Study of Italian town reveals more than 40% of Covid-19 cases were asymptomatic
Research reveals more than 40% of coronavirus cases in an Italian town were asymptomatic.
A study of Covid-19 in the quarantined town of Vo, where most of the population was tested, indicates the importance of asymptomatic cases.
The early identification of infection clusters and the timely isolation of symptomatic as well as asymptomatic infections can suppress transmission and curb an epidemic in its early phase, researchers say.
They suggest this is particularly important when considering a potential second wave of transmission.
Researchers from the University of Padua and at Imperial College London indicate asymptomatic or pre-symptomatic people are an important factor in the transmission of the disease.
Pre-symptomatic people are those who are carrying the virus and later go on to develop symptoms, while asymptomatic refers to people who do not show any symptoms at all.
Our research shows that testing of all citizens, whether or not they have symptoms, provides a way to manage the spread of disease and prevent outbreaks getting out of hand
According to the scientists, widespread testing, isolating infected people, and a community lockdown effectively stopped the outbreak in its tracks.
Vo, which has a population of nearly 3,200 people, experienced Italy’s first Covid-19 death on February 21, and was put into immediate quarantine for 14 days.
During this time, researchers tested most of the population for infection of Sars-CoV-2, the virus that causes Covid-19, both at the start of the lockdown (86% tested) and after two weeks (72% tested).
They found that at the start of the lockdown, 2.6% of the population (73 people) were positive for Sars-CoV-2, while after a couple of weeks only 1.2% (29 people) were positive.
Both times 42.5% of the positive cases were asymptomatic, according to the research published in Nature.
The results also suggest that it took on average 9.3 days for the virus to be cleared from someone’s body.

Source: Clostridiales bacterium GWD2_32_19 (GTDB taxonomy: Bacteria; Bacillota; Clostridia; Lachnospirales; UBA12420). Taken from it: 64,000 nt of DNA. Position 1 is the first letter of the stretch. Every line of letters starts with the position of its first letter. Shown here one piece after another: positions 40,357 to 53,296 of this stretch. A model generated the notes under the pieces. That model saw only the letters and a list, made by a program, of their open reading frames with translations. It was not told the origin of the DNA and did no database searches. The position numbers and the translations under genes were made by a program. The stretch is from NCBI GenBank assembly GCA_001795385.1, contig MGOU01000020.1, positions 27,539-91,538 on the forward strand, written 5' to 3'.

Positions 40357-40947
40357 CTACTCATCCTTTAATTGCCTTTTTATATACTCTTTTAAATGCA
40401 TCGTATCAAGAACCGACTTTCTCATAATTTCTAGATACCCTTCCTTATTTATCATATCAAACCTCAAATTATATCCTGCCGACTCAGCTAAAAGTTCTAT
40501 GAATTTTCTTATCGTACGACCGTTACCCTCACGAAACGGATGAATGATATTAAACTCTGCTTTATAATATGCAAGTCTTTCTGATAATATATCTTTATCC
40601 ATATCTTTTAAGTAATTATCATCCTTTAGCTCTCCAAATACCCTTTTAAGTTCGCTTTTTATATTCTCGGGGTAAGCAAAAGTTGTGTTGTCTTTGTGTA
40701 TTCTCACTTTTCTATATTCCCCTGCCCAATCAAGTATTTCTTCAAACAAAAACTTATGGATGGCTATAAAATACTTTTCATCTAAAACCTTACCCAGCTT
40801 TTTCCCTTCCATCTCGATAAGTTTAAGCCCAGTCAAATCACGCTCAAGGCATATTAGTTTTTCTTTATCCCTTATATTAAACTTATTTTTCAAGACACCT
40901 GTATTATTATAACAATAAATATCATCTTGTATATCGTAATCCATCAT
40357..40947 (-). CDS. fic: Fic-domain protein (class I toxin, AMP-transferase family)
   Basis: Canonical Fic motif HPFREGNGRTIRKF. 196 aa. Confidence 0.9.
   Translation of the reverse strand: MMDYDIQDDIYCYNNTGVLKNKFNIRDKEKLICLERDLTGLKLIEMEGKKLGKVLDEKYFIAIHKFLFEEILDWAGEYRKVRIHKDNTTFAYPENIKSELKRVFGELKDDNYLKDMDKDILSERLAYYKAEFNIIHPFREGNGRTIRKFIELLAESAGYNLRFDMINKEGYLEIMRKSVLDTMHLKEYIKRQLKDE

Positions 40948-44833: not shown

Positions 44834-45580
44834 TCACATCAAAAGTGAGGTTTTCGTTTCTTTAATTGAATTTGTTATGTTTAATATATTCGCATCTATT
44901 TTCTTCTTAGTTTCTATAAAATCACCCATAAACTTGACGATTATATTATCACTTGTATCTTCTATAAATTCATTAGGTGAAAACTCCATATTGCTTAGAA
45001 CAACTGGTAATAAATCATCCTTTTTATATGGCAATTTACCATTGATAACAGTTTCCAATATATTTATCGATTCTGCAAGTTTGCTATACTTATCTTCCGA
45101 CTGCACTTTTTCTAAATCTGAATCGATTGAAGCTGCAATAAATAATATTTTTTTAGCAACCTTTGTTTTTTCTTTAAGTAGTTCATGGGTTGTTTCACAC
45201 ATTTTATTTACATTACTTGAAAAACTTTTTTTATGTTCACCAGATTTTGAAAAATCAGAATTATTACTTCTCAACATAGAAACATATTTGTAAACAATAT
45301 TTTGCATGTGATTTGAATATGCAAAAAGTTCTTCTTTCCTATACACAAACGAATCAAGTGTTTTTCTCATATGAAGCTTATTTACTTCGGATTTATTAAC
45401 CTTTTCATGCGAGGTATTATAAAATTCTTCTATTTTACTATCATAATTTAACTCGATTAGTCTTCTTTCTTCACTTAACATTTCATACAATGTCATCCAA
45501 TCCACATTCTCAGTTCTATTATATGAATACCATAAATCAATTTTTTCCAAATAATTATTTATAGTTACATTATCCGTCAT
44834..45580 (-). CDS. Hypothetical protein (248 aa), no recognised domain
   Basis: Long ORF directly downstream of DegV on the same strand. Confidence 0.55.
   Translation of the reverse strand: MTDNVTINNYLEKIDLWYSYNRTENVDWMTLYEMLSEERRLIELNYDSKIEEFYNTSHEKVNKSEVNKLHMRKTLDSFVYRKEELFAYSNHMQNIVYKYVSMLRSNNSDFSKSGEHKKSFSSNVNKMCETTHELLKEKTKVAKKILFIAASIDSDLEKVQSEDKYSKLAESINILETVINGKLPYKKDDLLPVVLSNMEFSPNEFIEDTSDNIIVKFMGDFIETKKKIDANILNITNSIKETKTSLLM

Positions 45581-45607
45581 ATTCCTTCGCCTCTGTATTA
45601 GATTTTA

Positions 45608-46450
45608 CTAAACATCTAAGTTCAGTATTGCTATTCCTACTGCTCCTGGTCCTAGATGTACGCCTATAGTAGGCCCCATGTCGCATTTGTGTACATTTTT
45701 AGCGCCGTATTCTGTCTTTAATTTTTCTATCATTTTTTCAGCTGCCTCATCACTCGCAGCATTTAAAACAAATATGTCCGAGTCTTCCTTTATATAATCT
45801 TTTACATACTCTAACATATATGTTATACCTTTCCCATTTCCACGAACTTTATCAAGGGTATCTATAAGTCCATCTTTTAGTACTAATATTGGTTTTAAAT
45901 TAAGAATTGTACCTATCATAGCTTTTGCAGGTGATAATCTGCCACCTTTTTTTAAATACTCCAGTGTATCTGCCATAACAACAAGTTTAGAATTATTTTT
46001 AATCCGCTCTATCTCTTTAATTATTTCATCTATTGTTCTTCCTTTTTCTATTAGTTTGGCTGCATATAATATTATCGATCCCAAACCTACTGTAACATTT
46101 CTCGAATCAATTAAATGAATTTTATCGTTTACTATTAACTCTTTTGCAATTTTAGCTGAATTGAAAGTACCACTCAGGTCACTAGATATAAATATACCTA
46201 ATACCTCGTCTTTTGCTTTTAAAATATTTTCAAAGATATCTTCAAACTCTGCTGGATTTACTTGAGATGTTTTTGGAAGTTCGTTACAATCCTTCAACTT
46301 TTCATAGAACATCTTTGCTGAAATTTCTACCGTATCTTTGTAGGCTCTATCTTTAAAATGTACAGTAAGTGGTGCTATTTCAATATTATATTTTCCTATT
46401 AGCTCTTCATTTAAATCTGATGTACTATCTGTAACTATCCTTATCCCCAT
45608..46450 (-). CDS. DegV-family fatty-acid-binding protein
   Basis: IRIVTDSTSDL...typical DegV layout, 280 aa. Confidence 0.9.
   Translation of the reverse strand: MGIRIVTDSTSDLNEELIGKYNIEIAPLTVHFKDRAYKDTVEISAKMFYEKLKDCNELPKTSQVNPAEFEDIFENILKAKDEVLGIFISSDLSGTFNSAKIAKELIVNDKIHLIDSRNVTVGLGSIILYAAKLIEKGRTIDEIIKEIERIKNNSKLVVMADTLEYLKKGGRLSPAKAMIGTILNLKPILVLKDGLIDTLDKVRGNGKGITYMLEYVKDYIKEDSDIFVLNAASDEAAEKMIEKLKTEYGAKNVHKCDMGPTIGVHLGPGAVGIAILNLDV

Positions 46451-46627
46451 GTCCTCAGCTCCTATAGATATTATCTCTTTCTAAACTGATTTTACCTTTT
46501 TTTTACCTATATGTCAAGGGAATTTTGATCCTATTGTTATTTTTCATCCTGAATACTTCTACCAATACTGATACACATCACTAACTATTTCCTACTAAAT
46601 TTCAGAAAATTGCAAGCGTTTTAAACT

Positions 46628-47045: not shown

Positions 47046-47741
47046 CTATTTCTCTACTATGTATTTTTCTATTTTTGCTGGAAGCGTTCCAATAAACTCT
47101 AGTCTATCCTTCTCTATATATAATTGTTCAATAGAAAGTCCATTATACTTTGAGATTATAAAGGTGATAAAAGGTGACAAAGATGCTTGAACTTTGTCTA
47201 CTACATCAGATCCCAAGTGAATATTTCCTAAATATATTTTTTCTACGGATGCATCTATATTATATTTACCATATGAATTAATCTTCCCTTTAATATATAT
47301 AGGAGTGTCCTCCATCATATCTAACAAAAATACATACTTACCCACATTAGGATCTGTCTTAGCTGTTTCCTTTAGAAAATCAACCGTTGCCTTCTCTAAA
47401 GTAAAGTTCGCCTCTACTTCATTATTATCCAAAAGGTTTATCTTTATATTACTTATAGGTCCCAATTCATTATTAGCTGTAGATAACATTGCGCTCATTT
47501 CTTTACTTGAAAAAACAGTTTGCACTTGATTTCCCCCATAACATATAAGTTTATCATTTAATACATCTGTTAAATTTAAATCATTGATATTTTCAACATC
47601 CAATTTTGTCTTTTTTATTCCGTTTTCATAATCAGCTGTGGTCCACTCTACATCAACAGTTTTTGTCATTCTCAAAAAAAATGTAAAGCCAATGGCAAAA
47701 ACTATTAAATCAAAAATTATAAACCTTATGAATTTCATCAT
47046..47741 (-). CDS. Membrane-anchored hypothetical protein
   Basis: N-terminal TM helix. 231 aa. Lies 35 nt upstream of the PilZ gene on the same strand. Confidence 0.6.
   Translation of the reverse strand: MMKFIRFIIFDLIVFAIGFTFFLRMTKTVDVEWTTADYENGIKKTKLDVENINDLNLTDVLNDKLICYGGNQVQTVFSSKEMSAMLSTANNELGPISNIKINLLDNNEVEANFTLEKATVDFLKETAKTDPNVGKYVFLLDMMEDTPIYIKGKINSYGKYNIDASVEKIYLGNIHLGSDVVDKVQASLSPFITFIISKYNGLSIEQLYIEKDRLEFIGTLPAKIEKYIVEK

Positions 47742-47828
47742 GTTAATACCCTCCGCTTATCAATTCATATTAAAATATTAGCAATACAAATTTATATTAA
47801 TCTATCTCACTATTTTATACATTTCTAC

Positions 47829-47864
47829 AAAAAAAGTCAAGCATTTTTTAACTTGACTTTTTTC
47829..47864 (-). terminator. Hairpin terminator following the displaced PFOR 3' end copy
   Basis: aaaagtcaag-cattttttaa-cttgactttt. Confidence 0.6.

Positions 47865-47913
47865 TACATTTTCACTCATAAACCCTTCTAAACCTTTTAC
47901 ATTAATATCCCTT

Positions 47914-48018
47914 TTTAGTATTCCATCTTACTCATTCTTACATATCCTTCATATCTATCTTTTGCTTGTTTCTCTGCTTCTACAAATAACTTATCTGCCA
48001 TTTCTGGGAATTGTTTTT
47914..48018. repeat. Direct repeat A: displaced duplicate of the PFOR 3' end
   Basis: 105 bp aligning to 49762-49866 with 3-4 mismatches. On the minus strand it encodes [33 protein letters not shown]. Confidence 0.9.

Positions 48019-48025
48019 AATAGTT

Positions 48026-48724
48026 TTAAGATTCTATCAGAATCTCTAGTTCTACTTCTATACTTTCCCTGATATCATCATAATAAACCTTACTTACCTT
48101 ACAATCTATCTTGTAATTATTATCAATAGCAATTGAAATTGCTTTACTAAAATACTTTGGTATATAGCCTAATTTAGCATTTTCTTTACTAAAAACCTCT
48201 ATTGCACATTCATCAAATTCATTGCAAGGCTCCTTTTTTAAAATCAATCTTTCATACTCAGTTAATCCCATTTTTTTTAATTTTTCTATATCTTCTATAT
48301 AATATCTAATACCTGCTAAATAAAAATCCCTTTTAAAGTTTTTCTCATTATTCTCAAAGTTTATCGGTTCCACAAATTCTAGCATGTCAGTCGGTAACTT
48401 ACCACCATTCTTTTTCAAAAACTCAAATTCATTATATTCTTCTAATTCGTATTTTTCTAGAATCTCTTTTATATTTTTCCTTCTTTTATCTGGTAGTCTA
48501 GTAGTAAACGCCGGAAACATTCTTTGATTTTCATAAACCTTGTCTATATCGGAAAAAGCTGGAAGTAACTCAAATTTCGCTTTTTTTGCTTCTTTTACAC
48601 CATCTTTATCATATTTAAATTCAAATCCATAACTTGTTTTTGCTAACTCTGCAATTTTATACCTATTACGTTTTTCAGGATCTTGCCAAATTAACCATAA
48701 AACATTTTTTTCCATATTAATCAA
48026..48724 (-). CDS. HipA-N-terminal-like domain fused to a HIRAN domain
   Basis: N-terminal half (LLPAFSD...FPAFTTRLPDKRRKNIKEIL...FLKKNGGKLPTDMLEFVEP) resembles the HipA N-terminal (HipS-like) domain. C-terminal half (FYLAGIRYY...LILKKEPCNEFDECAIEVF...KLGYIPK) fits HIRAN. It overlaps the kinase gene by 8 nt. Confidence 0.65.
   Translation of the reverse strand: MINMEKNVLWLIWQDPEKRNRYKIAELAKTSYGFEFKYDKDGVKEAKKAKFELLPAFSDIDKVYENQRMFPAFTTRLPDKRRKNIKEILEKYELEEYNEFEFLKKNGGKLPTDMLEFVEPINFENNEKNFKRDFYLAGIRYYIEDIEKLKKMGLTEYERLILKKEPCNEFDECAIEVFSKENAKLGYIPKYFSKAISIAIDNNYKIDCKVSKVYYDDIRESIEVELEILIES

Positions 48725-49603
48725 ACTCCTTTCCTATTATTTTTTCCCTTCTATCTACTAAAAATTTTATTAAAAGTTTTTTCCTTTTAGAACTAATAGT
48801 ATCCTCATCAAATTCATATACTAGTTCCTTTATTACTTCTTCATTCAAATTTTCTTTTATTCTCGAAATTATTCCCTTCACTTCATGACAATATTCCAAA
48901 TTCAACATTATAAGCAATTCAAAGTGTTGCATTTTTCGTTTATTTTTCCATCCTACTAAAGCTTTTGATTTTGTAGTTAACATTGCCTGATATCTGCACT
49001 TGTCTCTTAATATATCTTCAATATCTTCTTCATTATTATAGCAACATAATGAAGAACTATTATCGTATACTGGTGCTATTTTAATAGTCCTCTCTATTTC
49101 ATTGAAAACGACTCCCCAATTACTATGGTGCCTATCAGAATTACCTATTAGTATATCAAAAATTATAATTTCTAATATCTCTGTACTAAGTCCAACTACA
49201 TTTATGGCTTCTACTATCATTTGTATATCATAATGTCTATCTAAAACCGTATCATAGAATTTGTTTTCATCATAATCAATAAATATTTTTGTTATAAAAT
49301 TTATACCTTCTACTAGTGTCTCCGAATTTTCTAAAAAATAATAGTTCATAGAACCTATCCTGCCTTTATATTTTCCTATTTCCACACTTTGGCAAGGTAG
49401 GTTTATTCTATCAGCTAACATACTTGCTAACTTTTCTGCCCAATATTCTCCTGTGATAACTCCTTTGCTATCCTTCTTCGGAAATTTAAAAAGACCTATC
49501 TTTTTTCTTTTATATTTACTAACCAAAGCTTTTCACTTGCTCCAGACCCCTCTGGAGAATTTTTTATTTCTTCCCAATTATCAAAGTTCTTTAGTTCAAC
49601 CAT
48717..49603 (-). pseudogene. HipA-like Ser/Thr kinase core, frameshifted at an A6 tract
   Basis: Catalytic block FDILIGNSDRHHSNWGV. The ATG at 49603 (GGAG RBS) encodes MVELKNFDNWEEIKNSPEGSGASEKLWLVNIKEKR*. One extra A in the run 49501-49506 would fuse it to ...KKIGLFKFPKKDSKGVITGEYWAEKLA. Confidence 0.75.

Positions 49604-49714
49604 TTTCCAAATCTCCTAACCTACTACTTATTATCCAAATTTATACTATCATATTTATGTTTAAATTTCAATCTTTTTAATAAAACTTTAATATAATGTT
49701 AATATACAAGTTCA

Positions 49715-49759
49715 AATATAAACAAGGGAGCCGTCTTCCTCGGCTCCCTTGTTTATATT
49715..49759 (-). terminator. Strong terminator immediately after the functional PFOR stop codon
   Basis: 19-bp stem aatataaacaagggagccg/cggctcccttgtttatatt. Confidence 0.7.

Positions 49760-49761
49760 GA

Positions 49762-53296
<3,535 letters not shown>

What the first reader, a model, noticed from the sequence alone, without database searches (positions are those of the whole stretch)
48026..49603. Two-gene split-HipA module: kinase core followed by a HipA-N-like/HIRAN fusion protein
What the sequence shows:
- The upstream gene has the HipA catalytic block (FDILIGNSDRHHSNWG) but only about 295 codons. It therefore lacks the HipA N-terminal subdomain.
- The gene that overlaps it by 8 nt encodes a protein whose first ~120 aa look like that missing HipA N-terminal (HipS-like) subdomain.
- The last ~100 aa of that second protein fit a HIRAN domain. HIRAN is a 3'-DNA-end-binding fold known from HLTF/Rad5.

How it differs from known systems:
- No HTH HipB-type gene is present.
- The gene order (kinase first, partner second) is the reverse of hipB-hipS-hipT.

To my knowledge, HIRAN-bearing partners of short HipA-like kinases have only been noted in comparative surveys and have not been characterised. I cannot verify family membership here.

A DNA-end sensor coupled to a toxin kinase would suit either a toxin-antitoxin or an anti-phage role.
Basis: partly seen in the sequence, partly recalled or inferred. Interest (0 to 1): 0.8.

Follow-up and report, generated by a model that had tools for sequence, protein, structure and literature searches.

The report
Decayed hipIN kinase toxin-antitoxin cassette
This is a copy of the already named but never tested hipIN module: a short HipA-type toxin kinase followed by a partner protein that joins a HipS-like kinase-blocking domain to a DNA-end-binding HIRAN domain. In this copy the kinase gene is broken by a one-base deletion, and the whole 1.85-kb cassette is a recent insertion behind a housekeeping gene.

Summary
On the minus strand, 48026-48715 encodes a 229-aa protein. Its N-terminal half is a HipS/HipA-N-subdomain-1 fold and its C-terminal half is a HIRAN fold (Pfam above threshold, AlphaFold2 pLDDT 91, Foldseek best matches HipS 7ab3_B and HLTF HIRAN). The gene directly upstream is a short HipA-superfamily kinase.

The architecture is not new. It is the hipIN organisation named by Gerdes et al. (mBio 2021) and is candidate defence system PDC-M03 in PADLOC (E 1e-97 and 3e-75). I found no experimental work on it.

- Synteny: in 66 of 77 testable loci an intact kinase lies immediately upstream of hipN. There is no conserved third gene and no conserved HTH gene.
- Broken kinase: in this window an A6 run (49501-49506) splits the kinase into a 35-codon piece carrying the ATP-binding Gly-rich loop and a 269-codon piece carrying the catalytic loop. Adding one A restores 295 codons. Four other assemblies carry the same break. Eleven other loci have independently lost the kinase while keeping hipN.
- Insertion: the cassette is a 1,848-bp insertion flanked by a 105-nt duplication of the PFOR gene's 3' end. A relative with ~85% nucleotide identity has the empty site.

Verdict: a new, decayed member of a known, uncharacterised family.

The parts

As a result of the mass testing, any positive cases, symptomatic or not, were quarantined, slowing the spread of the disease and effectively suppressing it in a number of weeks.
Co-lead researcher Professor Andrea Crisanti, from the department of molecular medicine of the University of Padua and the department of life sciences at Imperial, said: “Our research shows that testing of all citizens, whether or not they have symptoms, provides a way to manage the spread of disease and prevent outbreaks getting out of hand.
“Despite ‘silent’ and widespread transmission, the disease can be controlled.”
The results of the mass testing programme in Vo informed policy in the wider Veneto Region, where all contacts of positive cases were offered testing.
“This testing and tracing approach has had a tremendous impact on the course of the epidemic in Veneto compared to other Italian regions, and serves as a model for suppressing transmission and limiting the virus’ substantial public health, economic and societal burden,” Prof Crisanti added.
As well as identifying the proportion of asymptomatic cases, the team also found that asymptomatic people had a similar “viral load”, the total amount of virus a person has inside them, as symptomatic patients.
The researchers found that viral load, how much virus a person had in their system, also appeared to decrease in people who had no symptoms to begin with but later developed symptoms.
This suggests asymptomatic and pre-symptomatic transmission could contribute significantly to the spread of disease, making testing and isolating even more important in controlling outbreaks.
Co-lead researcher Dr Ilaria Dorigatti, from the MRC Centre for Global Infectious Disease Analysis, Jameel Institute (J-Idea), at Imperial College London, said: “The Vo study demonstrates that the early identification of infection clusters and the timely isolation of symptomatic as well as asymptomatic infections can suppress transmission and curb an epidemic in its early phase.
“This is particularly relevant today, given the current risk of new infection clusters and of a second wave of transmission.”